Unique Answers to Prayer
Read Psalm 3, Acts 12:5 & 12, 2 Corinthians 12:8-10
Although we are assured of the fact that our prayers will be answered by the God to Whom we pray, the answers He gives are not always those we expect. While the answers are at times exactly what we had expected, at other times His answers are quite different. These things may not be overlooked because, when doing so, many have suffered grave spiritual injury. One may easily conclude that our prayers have not been answered even though God has answered them clearly.
David's Requested Deliverance
Psalm 3 does not belong to the list of the well-known Psalms. But, the whole Bible speaks to us and we are often able to learn a great deal from those parts which are not familiar to us. Psalm 3 was written when David was fleeing before his own son, Absalom. This was one of the most difficult times in the life of this saint of God. His own son rose up against him! He began to complain in this Psalm that the adversaries were many. This is surprising because David was very popular and "had stolen the heart of all Israel." But, it again revealed to him that we could not depend on man. These adversaries taunted him by saying that there was no help for him in God. It seemed as though they might be right. Had God forsaken him? His faith was indeed put to the test. He also knew that his own sins had made him deserve all the punishment which came.
Despite the taunts of his adversaries, David still had confidence in his God. God was a shield about him. He was safe. God was his glory. He cried to Jehovah in the midst of all his troubles. Of course! Where else could he turn? The Lord would answer him. He was so confident of the Lord's protection that he said he would lie down to sleep and rest. Surely, he didn't have to be afraid. Faith had no fear. What a wonderful peace of heart and soul was his when he again placed his full confidence in his God.
The request he made to his God according to the need of the hour. He cried out: Save me, oh God. The dangers were real. He asked that God would do the same to his present enemies as He had done to former ones. "Smite them, Lord. Hurt them, slay them. Make them helpless." If God did these things for him, his throne would again be secure and he would be able to lead God's people as in the past.
God heard his prayer and did according to all that David had asked of Him. That was the difficulty! If all his enemies were to be slain, if they were to be hurt and made helpless, Absalom would be among them! That was not David's wish! No, he had commanded his generals to deal kindly and gently with his own boy because he loved him. Now he had prayed for deliverance, and that meant the death of his own son. His prayer was answered but David had not counted the cost of this prayer.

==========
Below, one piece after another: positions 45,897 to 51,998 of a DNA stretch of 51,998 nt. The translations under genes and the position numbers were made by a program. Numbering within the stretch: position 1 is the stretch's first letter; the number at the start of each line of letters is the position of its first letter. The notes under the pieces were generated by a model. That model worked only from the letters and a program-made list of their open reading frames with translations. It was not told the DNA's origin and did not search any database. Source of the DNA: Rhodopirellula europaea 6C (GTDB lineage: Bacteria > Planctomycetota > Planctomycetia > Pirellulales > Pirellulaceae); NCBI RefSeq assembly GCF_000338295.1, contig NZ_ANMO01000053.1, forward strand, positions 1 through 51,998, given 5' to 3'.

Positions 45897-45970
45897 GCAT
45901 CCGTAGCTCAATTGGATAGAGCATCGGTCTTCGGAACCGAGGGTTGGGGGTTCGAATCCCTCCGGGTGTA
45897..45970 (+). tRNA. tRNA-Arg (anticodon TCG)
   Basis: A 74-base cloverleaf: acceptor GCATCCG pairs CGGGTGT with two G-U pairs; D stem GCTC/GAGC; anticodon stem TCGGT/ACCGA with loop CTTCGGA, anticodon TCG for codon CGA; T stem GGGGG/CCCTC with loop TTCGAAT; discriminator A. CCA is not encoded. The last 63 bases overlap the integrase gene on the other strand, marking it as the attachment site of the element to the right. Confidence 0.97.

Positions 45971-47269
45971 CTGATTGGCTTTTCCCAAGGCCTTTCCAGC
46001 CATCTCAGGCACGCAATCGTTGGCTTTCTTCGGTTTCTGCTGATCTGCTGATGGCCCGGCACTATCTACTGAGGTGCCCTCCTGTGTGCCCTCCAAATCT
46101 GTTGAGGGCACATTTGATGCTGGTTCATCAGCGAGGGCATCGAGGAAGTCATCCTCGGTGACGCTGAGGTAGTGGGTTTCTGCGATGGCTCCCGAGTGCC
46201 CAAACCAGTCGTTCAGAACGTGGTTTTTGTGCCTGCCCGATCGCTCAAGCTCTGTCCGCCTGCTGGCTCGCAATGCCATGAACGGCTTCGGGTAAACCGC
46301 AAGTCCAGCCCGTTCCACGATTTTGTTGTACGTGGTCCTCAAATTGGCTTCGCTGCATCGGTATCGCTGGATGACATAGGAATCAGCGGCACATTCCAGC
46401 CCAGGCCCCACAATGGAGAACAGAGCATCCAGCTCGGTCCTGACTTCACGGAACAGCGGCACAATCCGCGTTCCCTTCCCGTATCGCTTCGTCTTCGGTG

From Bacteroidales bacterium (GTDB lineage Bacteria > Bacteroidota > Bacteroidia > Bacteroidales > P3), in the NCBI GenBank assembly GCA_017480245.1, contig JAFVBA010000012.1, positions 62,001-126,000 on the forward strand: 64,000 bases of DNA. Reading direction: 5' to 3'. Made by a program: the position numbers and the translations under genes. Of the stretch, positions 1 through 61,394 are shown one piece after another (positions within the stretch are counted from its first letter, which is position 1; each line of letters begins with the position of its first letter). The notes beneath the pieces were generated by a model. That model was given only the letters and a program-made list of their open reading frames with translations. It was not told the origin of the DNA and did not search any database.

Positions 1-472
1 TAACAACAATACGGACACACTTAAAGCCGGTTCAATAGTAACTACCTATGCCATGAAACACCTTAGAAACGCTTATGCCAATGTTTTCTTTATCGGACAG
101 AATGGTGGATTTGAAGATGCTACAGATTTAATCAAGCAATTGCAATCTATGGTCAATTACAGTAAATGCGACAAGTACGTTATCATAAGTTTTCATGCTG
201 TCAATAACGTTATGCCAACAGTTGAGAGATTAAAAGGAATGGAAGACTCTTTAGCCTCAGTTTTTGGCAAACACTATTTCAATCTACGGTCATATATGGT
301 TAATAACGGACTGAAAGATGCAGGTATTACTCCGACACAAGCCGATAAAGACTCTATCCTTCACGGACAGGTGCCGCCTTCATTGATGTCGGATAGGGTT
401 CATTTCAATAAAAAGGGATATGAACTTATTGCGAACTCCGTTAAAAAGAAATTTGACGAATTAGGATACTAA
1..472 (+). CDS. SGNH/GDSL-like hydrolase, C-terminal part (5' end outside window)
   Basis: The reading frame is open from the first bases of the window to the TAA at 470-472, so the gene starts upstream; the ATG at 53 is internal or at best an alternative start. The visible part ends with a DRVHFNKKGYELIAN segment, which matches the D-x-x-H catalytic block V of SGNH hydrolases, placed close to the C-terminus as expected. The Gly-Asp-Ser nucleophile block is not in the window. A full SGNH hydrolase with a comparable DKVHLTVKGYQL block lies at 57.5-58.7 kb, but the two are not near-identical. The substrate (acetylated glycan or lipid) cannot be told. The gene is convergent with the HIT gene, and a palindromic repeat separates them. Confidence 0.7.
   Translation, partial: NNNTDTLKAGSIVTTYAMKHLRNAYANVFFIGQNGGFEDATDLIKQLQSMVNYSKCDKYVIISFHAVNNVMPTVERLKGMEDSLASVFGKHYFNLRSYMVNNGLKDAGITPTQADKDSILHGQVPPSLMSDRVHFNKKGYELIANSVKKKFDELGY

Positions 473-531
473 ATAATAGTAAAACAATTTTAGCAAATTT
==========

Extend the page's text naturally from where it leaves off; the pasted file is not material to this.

Everywhere the Scriptures teach us that prayer is not cheap. When our Lord instructs His people to pray: Thy Kingdom come, it means that their own little kingdom will have no place and that they will have to sacrifice everything for the coming of His Kingdom! Men must reckon with the effects of their prayers — and then pray earnestly. David had not thought of the answer to his prayer bringing him the greatest sorrow in his life. Yet, he prayed properly! This son was a rebel. He had not only defied his father but also the God of Israel.
Incidents of unique answers to prayer are many. However, I will limit myself to the naming of only two more.
In Acts 12 we read of the great difficulties which began to come on the church of the New Testament. There was an attempt by secular leaders to put a stop to the spread of Christianity. Herod, a grandson of Herod the great, had seized the Apostle James, the brother of John, and had killed him. He had to be somewhat careful because the populace was fickle and it was difficult to say whether this kind of action would win approval. In line with all the Herods, he wished to have approval of the people above all. When he saw that this action against the Apostle James met with the approval of the majority of the people, he went to the top and arrested the leader of the Apostles, Peter. The time was not convenient, but later he would bring him out to the people and pass sentence on him.
When Peter was arrested the church had come together to pray. It was not necessary to state the purpose of their prayers because obviously they had come together to pray for Peter's release. There was a real danger that if Peter should also be put to death, the church would be wasted.
Peter was guarded as though he were a hardened criminal. There were irons on his arms tying him to the arms of the soldiers on each side of him. There were two more guards at the gate and then a heavy iron gate. This prisoner must not escape. He endangered the rule of Herod and his accomplices, the Pharisees. Despite the fact that he was so heavily guarded and that he would be sentenced the next day, Peter fell sound asleep! Here we find a man so at peace with his God that his imprisonment did not keep him awake (Psalm 4:8).
An angel came and awakened Peter without disturbing the guards. He led him out of the prison and now, finally, Peter began to realize that he was not dreaming but that he was actually free. He at once went to the home of the mother of John Mark because he knew this was the place where the people of God would be gathered.